Another key aspect of this step is being able to articulate your brand. Think of it as your elevator pitch. This could be a sentence or two, or a few key values. We are all bombarded with more information than we know what to do with daily, so being able to define yourself concisely can help those around you to remember you in the way you want to be recognized. It simply makes it easier for them to place you and your talents on file in their brain, and call on that file when opportunities arise. Also, this exercise of creating a concise brand helps you to avoid the generalist trap. While it is always good to have a well-rounded set of skills, leaning too far into a generalist brand makes it hard for others to identify what is unique and special about you. By defining a few key brand attributes to highlight, you can create your niche.


  1. Make your brand visible

Finally, you have to get your brand out there. A personal brand is not going to be effective if you are the only one who knows about it. Start by building a network that reflects the strengths you want to be known for. Say you want to build a brand as an innovator. Look for people you can connect with who you would consider innovators. Not only is this a great way to start highlighting your own strengths in this area, but it is also an opportunity for you to learn and grow.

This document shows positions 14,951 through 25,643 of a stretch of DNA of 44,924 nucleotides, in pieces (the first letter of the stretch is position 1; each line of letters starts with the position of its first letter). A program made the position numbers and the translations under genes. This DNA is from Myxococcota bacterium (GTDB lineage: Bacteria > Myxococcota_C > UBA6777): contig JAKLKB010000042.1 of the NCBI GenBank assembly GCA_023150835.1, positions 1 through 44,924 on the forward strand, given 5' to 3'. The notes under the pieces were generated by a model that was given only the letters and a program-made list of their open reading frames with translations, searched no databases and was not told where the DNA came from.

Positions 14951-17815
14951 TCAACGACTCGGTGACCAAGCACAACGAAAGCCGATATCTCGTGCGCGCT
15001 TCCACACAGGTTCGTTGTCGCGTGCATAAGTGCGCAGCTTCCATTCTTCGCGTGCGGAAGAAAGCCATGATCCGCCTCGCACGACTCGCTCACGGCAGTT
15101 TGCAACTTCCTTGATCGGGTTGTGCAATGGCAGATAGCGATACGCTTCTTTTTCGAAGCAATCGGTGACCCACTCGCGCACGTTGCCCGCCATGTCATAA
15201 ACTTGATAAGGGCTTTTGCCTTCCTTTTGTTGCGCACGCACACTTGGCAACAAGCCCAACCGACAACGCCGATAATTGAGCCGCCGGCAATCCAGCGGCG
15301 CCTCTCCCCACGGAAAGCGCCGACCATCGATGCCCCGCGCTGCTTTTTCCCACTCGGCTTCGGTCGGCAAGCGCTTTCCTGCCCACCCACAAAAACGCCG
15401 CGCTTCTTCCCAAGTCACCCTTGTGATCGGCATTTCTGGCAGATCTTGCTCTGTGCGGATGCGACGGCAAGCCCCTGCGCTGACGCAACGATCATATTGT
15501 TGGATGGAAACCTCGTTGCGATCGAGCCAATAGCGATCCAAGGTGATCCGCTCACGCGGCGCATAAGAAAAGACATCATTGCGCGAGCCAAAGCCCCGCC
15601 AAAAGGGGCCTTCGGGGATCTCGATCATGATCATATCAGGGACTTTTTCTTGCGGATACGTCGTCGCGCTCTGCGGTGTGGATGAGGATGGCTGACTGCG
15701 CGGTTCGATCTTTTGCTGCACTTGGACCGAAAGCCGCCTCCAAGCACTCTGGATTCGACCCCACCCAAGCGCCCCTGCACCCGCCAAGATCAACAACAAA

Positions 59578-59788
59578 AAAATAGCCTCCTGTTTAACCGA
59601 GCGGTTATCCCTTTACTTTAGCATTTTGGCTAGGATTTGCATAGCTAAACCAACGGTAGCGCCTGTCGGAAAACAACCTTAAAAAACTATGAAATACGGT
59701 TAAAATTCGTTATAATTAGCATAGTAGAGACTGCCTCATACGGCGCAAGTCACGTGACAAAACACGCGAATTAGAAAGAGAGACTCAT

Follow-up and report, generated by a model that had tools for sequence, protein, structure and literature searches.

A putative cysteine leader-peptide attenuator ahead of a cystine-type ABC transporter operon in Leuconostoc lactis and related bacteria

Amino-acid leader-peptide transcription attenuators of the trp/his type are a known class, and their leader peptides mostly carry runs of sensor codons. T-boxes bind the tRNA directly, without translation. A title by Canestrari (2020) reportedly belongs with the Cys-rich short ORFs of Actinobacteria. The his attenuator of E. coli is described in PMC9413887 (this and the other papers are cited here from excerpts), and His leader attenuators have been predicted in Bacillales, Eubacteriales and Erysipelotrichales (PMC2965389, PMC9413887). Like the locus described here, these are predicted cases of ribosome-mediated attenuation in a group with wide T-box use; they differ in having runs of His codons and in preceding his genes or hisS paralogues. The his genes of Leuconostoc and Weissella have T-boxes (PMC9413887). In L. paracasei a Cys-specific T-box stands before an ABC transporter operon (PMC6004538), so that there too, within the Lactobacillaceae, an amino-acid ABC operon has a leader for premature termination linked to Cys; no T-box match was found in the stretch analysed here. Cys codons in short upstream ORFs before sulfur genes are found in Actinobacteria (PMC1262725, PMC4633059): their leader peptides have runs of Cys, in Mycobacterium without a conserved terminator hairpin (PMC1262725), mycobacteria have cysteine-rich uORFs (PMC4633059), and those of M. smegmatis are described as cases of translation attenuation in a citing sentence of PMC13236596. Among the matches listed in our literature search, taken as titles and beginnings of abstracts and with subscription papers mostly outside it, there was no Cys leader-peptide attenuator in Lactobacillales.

What are they doing that makes you identify them as an innovator? How did they get to their position? What other strengths are they leveraging, and can you leverage any of those yourself? Connecting with these individuals can give you an avenue for observation and advice. Perhaps you are struggling to find a project where you can flex your innovation muscles. They all started somewhere and had that first opportunity. Being able to understand the challenges they had to overcome can help you to develop ways to break down your own barriers. Just make sure you are authentic in connecting and developing your relationships. Networking goes both ways, so expect to share your own work, accomplishments, and challenges with them so they can grow as well.

Another great way to promote your brand is by simply getting your name out there alongside the topics you want to be associated with. This can be volunteering to speak at conferences or trainings on the topics you care about, writing articles that play to your strengths and share your insights with others, or even sharing news and best practices that you find interesting. These methods can help to highlight you as an expert in your field by making you a go-to source for information on particular topics. It also can have the added benefit of further expanding your network as people seek you out for connections.